Creator Julian Carlile’s “The Meeting Chronicles” is certainly one of the most bizarre and fascinating comedy movies I’ve seen all year. That’s by no means an insult as “The Meeting Chronicles” concocts an unusual tale of people trying to find their goal in the writing field and end up just falling in to an endless stream of nonsense including confrontations with homeless speakers, and overly enthusiastic porn stars. I can’t say I loved “The Meeting Chronicles” but I enjoyed its charming, minimalist aesthetic.
Hillary Brooke could always be relied upon to bring an aura of cool glamour to the screen, whether she was the sophisticated foil to Abbott and Costello’s antics or the arch-enemy of Sherlock Holmes or the bringer of casual cruelty in “Jane Eyre” and “The Enchanted Cottage.” On this “Online Movie Show” episode, film historian Ron Palumbo offers insight on the life and often-surprising career of this much-loved blonde bombshell.
The episode can be heard here.
I’ve always loved the William Castle ghost film and the remake of “Thirteen Ghosts” by Steve Beck. Back in 2001 when it was being panned, I appreciated its ambition, amazing special effects, and great narrative. Now, many years later, horror fans have finally caught up to what a great, radical re-imagining of William Castle’s ghost film is. It’s a hard rock, balls to the wall ride that compensates for the lack of ghost glasses with excellent special effects, and some fun gore and grue.
The “Zombie Bloodbath” trilogy is the sheer apex of garbage zombie movie fodder. It topples even “Night of the Living Dead: Resurrection.” The trilogy is something you’ll be forgetting minutes after, as only an hour after viewing these I can’t truly recollect the plots. There’s really no sense of arc, continuity, or overall cohesive storytelling here, as the zombies take center stage in films where characters are a sheer after thought. In the first Zombie Bloodbath from 1993, at a remote radioactive plant, its workers suffer the outbreaks of a chemical spill which turns them into—what else? Zombies.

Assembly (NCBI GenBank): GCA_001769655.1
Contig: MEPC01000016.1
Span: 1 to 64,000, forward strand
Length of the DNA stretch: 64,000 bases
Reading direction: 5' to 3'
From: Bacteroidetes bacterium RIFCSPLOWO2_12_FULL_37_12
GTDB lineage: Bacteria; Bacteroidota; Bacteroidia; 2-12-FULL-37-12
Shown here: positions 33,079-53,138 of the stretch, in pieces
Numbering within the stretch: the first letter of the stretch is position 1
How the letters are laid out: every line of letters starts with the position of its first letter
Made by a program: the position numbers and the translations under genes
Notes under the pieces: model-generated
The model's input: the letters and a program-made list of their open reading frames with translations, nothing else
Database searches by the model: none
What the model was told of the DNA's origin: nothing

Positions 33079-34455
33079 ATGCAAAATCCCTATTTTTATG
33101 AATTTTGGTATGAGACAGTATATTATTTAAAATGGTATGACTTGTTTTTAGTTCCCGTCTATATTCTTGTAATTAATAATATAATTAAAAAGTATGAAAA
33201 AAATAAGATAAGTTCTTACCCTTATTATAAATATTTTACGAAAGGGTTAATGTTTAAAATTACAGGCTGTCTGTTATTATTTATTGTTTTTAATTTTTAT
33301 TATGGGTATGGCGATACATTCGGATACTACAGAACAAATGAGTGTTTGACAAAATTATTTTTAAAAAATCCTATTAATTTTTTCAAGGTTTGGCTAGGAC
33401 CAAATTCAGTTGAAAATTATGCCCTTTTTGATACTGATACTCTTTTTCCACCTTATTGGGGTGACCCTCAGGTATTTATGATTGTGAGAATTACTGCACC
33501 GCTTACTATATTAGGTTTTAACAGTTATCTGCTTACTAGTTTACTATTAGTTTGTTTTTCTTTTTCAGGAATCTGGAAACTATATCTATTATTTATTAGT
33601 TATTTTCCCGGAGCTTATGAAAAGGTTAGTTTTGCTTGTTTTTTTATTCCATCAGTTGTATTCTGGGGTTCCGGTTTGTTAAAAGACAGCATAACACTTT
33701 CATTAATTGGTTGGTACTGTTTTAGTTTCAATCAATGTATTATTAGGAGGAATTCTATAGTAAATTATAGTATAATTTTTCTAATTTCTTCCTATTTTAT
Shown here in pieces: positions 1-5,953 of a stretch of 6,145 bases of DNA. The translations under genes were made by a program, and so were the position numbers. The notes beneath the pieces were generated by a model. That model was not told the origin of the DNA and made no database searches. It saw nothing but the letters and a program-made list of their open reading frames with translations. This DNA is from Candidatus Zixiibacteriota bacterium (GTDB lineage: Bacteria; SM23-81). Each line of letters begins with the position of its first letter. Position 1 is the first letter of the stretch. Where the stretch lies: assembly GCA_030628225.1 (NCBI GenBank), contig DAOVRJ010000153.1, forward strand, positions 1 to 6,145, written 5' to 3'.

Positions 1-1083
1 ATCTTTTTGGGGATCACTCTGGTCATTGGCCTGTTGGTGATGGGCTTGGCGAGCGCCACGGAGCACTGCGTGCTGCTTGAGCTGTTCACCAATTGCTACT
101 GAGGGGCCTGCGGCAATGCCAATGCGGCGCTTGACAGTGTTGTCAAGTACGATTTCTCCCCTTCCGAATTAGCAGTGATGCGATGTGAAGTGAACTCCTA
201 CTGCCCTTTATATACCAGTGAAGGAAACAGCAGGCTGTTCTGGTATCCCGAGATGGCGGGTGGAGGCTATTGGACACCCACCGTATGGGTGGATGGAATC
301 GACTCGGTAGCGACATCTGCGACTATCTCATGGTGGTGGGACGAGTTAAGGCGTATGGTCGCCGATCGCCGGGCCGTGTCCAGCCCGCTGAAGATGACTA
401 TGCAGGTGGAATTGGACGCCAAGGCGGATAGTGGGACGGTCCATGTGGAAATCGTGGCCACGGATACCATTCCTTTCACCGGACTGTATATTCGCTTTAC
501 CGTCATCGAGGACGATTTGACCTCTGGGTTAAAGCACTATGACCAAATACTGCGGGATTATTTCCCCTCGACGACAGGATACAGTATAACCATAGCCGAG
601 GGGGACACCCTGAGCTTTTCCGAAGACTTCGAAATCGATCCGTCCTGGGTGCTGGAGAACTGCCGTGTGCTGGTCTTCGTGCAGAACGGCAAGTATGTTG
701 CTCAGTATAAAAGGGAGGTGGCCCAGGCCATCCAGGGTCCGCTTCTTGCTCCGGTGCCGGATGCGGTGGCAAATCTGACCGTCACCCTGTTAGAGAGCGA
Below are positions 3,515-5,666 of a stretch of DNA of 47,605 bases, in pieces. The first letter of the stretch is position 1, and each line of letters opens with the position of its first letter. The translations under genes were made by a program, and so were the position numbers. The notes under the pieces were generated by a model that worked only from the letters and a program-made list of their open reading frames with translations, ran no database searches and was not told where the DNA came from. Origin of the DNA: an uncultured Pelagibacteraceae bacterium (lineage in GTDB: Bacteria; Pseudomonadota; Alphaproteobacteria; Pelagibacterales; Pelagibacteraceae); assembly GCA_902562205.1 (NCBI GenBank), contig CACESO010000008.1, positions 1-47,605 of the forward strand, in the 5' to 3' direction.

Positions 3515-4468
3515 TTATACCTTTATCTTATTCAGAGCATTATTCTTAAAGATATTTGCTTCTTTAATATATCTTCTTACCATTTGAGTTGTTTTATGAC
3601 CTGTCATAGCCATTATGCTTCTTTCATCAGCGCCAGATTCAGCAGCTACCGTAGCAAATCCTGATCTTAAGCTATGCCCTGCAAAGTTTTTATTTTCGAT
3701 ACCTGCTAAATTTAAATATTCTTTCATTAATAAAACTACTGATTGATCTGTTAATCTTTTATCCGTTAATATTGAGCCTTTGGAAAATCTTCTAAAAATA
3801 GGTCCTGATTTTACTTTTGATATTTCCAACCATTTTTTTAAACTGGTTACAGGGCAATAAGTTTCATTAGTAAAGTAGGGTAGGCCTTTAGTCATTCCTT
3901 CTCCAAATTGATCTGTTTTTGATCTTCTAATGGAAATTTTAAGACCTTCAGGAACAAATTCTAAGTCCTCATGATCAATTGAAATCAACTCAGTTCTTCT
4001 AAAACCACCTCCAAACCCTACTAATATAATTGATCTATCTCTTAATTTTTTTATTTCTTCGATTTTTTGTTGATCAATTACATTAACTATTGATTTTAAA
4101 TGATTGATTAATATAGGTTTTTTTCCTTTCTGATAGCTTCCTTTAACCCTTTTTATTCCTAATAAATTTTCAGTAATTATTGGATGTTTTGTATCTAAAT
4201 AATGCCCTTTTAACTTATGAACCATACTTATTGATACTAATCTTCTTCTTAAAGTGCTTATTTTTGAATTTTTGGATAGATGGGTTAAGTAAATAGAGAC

BOOTLEG FILES 744: “You’re a Good Man, Charlie Brown” (1973 television production of the Off-Broadway musical).
LAST SEEN: On YouTube.
AMERICAN HOME VIDEO: None.
REASON FOR BOOTLEG STATUS: Most likely due to a problem with rights clearance.
CHANCES OF SEEING A COMMERCIAL DVD RELEASE: Unlikely at this time.
One of the big entertainment stories this week was the announcement that the classic year-end holiday specials featuring the characters from Charles M. Schulz’s “Peanuts” comic strip will not be shown on broadcast television, but will instead be seen on a streaming service. Many fans of these productions were deeply disappointed, as these specials have been an integral part of the holiday season television line-up for decades. However, there is another television special based on “Peanuts” that has not been broadcast since its only offering 47 years ago.
Director and Writer Sean Hogan’s “The Haunting of #24” is a film with a lot of potential that is never quite realized in to much of a film with any kind of substance or surprise. Director Hogan sets up so many plot devices, characters, and suspense that can be flourished into a horrifying ghost film. Alas, “The Haunting of #24” is just mediocre as all get out, and squanders most opportunities to rise to the occasion and spook us. It’s not a horrible movie, it’s just so utterly boring to sit through from beginning to end.
A young woman is interviewing for a job at a mortuary and part of her interview is for the mortician to tell her a series of creepy stories.